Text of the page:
Three ways to set this up:

 

Basic using a unmanaged switch. 

nonwifi router lan [192.168.0.1] connected to unmanaged switch

private wifi router wan port [192.168.0.2]

public wifi router wan port [192.168.0.3]

I would disable the nonwifi routers dhcp and do static ip assignments to the wifi routers wan ports

 

Both public and private wifi routers would have dhcp enabled so as to provide ip addresses to connecting devices

private wifi router lan [192.168.10.0/24]

public wifi router lan [192.168.20.0/24]

 

Basic using a managed switch.

nonwifi router lan [192.168.0.1] connected to managed switch

private wifi router wan port [192.168.0.2]

public wifi router wan port [192.168.0.3]

I would disable the nonwifi routers dhcp and do static ip assignments to the wifi routers wan ports

 

Both public and private wifi routers would have dhcp enabled so as to provide ip addresses to connecting devices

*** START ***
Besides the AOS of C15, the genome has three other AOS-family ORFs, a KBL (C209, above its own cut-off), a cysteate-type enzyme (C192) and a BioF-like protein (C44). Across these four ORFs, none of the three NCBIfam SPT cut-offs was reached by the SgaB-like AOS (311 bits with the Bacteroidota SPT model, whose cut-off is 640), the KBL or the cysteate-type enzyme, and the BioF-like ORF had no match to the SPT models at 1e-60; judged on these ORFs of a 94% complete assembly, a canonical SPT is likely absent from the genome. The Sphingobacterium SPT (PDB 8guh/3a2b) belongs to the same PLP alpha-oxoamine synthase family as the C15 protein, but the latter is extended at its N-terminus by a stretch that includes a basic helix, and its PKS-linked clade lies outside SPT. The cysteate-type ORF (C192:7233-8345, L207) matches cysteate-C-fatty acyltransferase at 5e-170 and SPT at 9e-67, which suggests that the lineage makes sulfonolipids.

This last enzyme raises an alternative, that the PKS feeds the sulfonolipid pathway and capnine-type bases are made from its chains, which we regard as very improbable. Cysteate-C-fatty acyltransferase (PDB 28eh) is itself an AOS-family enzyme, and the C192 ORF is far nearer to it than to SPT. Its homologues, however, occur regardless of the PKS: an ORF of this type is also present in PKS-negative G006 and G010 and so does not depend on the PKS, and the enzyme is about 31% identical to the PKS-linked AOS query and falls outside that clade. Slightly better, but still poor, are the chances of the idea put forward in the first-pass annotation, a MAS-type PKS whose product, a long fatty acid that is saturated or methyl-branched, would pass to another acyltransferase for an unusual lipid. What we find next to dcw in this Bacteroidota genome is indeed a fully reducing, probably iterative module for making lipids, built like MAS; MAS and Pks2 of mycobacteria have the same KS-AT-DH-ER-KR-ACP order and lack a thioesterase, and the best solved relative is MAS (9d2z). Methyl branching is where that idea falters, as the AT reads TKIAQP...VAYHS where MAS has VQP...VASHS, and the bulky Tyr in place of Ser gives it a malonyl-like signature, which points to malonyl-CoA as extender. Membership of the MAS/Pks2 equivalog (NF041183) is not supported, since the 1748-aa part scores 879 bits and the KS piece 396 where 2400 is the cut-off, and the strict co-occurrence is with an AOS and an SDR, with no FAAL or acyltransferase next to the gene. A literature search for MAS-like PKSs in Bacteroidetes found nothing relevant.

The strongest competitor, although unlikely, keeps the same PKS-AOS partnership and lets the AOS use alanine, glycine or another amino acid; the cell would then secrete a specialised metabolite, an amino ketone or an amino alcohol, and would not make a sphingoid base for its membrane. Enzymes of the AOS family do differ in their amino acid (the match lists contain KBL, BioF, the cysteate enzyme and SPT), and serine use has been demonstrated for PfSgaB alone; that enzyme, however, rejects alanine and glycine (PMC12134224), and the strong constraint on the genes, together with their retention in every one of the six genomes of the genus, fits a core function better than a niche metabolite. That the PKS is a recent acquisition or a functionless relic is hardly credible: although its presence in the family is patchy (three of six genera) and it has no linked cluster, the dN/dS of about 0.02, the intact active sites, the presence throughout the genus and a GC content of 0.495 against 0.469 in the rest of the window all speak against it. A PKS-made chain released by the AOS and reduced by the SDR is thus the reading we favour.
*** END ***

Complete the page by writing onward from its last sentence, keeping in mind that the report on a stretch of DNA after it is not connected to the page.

private wifi router lan [192.168.10.0/24]

public wifi router lan [192.168.20.0/24]

 

Simple managed switch design:

You could just have the non wifi router do dhcp for everything but you would not be connecting the wifi routers wan port to the switch.  You would connect the wifi routers by a lan port to the switch.  You would disable the wifi routers dhcp servers.  This would turn the wifi routers into glorified AP switches for both wifi and wired clients.



#14 hopperty

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Posted 24 March 2016 - 02:01 PM

If I understand correctly.

 

Let me know if this will work then:

 

Modem/Router with DHCP on to port 1 on Managed Switch

Wifi Router and other clients on ports 2 through 6 on managed switch LAN to LAN for router

Ports 1-6 on VLAN1

Wifi Router on port 7 LAN to LAN

Ports 1 and 7 on VLAN 2

 

Both routers have DHCP off.

 

Are there any special settings I need other than setting up the ports in the VLAN?



#15 Wand3r3r

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Posted 24 March 2016 - 02:09 PM

Assuming a 8 port managed switch

Port 1 has both vlan1 and vlan2

Ports 2 thru 6 vlan1

Port 7 vlan2

 

Be aware that devices connecting to the switch will get more bandwidth than those connecting to the wifi routers.

This is why I only have the routers connecting to the switch so everyone is at the same hierarchy level.